Sherpa Becomes First Person To Reach Everest Summit In 2 Years

For the first time in two years, humans stood on the top of the world.

A team of nine Sherpas successfully scaled Mount Everest’s peak on Wednesday — the first climbers to do so since a fatal earthquake in 2015 and a lethal avalanche the year before made attempts to the summit impossible.

The team, is presided over by Sherra Gyalgen Sherpa, was hired by jaunts to carry gear and reassuring ropes on the mountain. More than 280 foreign climbers and their guides were apparently waiting to attempt the final ascent.

Nepal Mountaineering Association President Ang Tshering Sherpa told the BBC that the Sherpas encountered many objections in their climb to the crown.

“Although they were planning to reach[ the summit] much earlier in the day, difficult clambering status near the Hillary Step — a major climbing impediment around 70 meters below the flower — delayed the Sherpas’ intentions, ” he said. “Because of heavy snowfall and sparkler, it took more than four hours for them to cross the Hillary Step.”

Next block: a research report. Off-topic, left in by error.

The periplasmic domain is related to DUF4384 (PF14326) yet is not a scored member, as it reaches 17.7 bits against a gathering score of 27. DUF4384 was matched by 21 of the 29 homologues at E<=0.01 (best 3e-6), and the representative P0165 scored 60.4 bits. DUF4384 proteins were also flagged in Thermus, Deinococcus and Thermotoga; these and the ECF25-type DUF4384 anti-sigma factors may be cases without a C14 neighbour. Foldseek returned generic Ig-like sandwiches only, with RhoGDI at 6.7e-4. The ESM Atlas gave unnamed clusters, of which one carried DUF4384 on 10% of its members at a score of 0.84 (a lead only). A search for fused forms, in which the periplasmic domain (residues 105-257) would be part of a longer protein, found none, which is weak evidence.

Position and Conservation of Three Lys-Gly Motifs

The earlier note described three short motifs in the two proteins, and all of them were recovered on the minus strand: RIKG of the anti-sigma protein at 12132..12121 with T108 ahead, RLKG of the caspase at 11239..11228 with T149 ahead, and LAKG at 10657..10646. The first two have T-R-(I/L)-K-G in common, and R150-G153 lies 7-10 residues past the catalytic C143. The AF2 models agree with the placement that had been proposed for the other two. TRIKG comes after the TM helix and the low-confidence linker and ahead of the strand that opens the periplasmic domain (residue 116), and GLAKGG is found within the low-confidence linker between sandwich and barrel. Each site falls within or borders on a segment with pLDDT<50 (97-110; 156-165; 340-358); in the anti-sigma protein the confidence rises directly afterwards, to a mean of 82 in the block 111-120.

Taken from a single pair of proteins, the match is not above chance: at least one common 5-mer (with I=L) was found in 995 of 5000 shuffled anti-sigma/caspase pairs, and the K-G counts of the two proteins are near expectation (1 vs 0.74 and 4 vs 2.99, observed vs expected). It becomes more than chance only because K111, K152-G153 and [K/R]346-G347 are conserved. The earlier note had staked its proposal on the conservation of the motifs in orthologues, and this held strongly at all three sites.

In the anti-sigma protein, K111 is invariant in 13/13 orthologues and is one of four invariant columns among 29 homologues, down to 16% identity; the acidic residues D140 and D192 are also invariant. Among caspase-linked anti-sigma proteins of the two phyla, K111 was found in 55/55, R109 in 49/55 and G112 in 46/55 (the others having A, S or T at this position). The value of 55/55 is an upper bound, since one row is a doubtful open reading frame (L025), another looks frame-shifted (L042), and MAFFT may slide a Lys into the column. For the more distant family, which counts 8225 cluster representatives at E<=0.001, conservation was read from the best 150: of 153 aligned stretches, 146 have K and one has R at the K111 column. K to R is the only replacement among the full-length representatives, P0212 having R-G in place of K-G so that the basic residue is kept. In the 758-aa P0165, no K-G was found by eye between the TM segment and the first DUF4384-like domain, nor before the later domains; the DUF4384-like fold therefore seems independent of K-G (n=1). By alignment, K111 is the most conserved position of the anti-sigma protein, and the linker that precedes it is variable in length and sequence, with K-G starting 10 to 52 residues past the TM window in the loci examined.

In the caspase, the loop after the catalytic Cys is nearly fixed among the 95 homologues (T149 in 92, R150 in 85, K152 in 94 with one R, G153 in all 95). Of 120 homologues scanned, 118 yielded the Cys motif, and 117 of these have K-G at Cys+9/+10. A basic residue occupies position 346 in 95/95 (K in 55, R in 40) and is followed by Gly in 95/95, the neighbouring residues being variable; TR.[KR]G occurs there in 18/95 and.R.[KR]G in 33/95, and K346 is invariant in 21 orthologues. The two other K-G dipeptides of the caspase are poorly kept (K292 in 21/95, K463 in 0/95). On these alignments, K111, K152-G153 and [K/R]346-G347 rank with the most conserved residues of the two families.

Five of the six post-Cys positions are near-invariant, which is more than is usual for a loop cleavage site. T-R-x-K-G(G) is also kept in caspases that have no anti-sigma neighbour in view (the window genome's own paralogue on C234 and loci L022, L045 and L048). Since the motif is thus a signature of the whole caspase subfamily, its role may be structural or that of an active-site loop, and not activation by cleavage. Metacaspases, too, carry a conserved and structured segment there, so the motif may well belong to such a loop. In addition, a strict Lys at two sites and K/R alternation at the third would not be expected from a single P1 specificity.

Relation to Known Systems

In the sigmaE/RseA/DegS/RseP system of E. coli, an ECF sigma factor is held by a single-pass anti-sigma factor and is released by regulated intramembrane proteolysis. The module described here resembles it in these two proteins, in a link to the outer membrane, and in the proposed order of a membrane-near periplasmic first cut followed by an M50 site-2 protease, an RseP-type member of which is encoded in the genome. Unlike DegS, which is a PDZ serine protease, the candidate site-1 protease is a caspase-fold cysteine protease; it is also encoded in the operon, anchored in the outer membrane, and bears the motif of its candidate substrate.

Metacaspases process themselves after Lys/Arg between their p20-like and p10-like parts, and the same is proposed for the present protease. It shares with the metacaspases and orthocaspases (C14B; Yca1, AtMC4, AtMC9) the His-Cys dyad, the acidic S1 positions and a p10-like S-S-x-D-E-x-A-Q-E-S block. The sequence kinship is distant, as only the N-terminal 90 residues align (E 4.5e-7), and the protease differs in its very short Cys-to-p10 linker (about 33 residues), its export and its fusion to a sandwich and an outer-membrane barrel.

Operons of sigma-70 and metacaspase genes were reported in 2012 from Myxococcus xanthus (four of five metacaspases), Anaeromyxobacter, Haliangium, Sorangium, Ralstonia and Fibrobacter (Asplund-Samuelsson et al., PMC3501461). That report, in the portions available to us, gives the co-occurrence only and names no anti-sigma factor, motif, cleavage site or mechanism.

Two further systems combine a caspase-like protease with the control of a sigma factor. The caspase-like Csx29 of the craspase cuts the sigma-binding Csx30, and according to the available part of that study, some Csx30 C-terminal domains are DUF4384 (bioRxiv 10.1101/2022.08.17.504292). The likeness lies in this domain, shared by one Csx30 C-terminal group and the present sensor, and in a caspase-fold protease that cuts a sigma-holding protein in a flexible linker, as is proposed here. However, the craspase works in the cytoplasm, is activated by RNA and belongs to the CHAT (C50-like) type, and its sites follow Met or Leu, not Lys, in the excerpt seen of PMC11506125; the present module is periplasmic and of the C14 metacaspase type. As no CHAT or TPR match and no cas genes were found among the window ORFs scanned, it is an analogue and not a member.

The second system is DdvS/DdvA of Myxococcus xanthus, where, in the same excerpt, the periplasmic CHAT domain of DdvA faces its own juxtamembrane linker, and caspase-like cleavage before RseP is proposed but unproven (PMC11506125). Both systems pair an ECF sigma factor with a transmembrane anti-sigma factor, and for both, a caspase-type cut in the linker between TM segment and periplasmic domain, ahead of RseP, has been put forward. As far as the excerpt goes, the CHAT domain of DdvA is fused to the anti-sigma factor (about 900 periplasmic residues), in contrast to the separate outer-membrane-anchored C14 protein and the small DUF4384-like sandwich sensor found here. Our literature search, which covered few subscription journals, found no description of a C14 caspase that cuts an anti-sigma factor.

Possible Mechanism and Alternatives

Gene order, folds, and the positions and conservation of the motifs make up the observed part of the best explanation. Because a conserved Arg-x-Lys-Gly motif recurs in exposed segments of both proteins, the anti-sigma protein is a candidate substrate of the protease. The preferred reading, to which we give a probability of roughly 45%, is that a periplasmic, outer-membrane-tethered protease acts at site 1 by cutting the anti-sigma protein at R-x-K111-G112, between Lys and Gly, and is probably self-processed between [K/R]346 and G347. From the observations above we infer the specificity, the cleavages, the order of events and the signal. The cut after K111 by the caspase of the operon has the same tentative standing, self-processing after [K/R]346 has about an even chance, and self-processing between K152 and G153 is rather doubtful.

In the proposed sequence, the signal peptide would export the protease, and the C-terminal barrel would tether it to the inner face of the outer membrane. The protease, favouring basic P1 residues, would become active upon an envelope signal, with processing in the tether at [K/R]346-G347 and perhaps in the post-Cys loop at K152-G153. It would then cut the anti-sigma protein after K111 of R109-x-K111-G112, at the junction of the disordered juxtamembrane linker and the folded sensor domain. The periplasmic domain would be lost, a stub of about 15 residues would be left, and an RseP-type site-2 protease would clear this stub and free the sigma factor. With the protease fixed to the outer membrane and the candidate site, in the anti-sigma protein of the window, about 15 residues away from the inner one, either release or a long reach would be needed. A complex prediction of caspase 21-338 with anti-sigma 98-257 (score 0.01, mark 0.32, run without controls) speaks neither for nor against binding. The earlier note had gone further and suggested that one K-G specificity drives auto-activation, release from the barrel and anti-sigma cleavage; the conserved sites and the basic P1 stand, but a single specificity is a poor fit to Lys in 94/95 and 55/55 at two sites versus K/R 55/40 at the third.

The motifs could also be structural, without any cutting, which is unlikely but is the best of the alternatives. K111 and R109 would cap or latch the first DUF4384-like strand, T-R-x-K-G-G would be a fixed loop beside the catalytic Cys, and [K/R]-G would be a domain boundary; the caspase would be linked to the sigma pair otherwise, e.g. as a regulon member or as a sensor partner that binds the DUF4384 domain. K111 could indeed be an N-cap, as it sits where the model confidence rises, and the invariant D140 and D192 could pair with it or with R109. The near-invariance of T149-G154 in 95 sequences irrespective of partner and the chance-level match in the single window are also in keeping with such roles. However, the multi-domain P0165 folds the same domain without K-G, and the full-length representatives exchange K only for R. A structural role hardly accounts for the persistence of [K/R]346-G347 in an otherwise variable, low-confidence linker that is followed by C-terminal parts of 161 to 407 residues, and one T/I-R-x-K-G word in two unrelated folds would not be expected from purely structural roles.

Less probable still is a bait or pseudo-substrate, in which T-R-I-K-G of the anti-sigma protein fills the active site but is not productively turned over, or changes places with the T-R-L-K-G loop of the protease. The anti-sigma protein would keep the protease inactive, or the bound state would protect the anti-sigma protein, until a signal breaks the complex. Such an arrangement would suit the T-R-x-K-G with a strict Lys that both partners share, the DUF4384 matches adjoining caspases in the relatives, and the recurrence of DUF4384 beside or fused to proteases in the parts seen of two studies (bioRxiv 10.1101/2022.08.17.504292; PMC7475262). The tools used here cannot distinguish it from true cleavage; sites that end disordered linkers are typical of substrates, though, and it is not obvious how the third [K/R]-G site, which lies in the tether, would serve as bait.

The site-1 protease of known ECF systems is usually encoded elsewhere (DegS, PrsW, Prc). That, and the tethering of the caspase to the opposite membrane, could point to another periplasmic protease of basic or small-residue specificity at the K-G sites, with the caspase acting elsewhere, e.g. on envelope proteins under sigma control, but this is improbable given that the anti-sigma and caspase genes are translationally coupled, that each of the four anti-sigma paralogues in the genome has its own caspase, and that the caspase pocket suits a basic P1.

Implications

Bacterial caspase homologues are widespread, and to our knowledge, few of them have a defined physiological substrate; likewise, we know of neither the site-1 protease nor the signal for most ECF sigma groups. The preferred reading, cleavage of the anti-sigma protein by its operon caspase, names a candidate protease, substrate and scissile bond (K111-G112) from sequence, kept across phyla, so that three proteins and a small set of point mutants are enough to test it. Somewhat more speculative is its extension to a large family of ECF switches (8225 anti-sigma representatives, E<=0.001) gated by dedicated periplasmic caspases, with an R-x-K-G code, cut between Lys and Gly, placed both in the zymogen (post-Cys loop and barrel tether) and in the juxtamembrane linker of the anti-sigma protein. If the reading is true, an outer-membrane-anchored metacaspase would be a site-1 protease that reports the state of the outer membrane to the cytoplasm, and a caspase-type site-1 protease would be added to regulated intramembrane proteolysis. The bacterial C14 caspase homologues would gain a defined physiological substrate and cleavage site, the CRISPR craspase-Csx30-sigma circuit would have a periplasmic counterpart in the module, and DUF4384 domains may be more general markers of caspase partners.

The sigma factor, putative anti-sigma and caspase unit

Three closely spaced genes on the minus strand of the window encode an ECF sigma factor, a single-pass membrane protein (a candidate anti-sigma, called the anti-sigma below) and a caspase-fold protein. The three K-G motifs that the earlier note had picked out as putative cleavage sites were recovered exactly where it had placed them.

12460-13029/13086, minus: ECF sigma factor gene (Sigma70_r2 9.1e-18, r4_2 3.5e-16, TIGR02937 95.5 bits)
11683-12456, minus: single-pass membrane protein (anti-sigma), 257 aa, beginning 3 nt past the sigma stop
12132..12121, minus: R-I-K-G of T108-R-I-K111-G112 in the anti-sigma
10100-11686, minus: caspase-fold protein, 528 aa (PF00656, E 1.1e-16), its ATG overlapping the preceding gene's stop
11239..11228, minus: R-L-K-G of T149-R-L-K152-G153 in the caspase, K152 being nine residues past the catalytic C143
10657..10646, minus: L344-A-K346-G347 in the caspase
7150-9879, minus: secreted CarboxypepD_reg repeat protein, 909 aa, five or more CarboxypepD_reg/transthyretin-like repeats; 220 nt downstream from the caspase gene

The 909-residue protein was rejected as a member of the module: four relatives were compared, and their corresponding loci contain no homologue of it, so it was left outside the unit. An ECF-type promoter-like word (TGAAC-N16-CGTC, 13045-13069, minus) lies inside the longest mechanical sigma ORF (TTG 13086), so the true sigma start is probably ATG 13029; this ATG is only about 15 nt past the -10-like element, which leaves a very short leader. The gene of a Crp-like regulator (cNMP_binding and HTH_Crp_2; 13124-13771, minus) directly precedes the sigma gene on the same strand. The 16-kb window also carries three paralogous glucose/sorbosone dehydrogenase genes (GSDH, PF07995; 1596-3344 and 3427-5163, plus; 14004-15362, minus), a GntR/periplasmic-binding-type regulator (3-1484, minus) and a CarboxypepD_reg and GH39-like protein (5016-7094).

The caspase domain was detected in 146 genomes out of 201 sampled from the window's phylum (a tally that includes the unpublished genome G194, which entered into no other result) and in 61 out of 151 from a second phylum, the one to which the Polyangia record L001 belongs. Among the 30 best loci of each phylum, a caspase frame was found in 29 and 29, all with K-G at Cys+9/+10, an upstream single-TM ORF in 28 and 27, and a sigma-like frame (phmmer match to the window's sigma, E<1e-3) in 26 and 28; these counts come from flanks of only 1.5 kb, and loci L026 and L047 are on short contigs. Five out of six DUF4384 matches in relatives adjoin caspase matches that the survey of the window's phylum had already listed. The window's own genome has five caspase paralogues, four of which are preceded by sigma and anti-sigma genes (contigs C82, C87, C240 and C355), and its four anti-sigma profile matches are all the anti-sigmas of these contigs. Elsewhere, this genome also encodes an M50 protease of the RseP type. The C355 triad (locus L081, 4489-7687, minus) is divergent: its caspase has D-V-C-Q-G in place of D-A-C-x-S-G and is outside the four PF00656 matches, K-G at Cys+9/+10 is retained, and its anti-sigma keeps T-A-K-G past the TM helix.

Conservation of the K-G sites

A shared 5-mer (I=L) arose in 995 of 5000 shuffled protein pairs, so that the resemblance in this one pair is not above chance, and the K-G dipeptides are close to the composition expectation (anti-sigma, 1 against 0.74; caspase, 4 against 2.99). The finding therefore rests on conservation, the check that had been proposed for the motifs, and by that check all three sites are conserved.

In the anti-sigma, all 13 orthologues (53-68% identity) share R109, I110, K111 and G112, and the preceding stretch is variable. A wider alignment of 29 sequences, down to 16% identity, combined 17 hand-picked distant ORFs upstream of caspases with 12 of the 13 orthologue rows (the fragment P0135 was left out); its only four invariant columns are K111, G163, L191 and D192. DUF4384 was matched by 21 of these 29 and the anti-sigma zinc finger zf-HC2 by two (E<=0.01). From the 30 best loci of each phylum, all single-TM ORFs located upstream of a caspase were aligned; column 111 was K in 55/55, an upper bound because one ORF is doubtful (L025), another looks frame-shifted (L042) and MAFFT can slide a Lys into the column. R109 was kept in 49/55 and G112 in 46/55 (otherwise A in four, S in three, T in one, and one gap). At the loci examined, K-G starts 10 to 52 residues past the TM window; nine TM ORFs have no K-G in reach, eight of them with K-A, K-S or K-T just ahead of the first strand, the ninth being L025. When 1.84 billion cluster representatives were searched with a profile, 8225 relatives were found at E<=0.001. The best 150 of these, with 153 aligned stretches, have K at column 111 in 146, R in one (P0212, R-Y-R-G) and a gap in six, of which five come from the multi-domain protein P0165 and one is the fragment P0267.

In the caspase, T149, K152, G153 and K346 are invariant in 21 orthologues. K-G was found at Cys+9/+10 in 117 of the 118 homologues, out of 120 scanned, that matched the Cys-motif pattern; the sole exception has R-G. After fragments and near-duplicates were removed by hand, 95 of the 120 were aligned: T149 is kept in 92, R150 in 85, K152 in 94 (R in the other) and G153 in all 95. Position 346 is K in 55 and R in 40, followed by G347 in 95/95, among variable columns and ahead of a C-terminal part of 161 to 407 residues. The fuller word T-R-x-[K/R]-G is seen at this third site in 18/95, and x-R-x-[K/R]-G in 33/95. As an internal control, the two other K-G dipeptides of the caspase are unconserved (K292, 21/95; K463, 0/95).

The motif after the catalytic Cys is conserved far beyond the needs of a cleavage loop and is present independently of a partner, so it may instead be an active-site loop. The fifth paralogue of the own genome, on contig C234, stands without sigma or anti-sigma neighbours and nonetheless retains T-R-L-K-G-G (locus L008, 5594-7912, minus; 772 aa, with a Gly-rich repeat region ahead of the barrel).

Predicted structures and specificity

Sherra Gyalgen Sherpa was the first person to reach the summit.

Associated Press
A Sherpawalks with a massive onu toward Everest Base camp in Nepal.

Associated Press
A Sherpaat Everest Base Camp fetches the ladders for the icefall doctors who will be tying the itinerary for the climbersattemptingtheascent this year.

It’s been more than two years since a team has reached Everest’s peak. In 2014, an avalanche in the perilous Khumbu Icefall killed 16 sherpas, inspiring the end of the climbing season.

Last year, at least 18 climbers expired after a powerful earthquake triggered an avalanche on the mountain. More than 60 parties were also injured. Climbing season was offset for the second year in a row.

Two climbers scale the treacherous Khumbu Icefall in May 1996.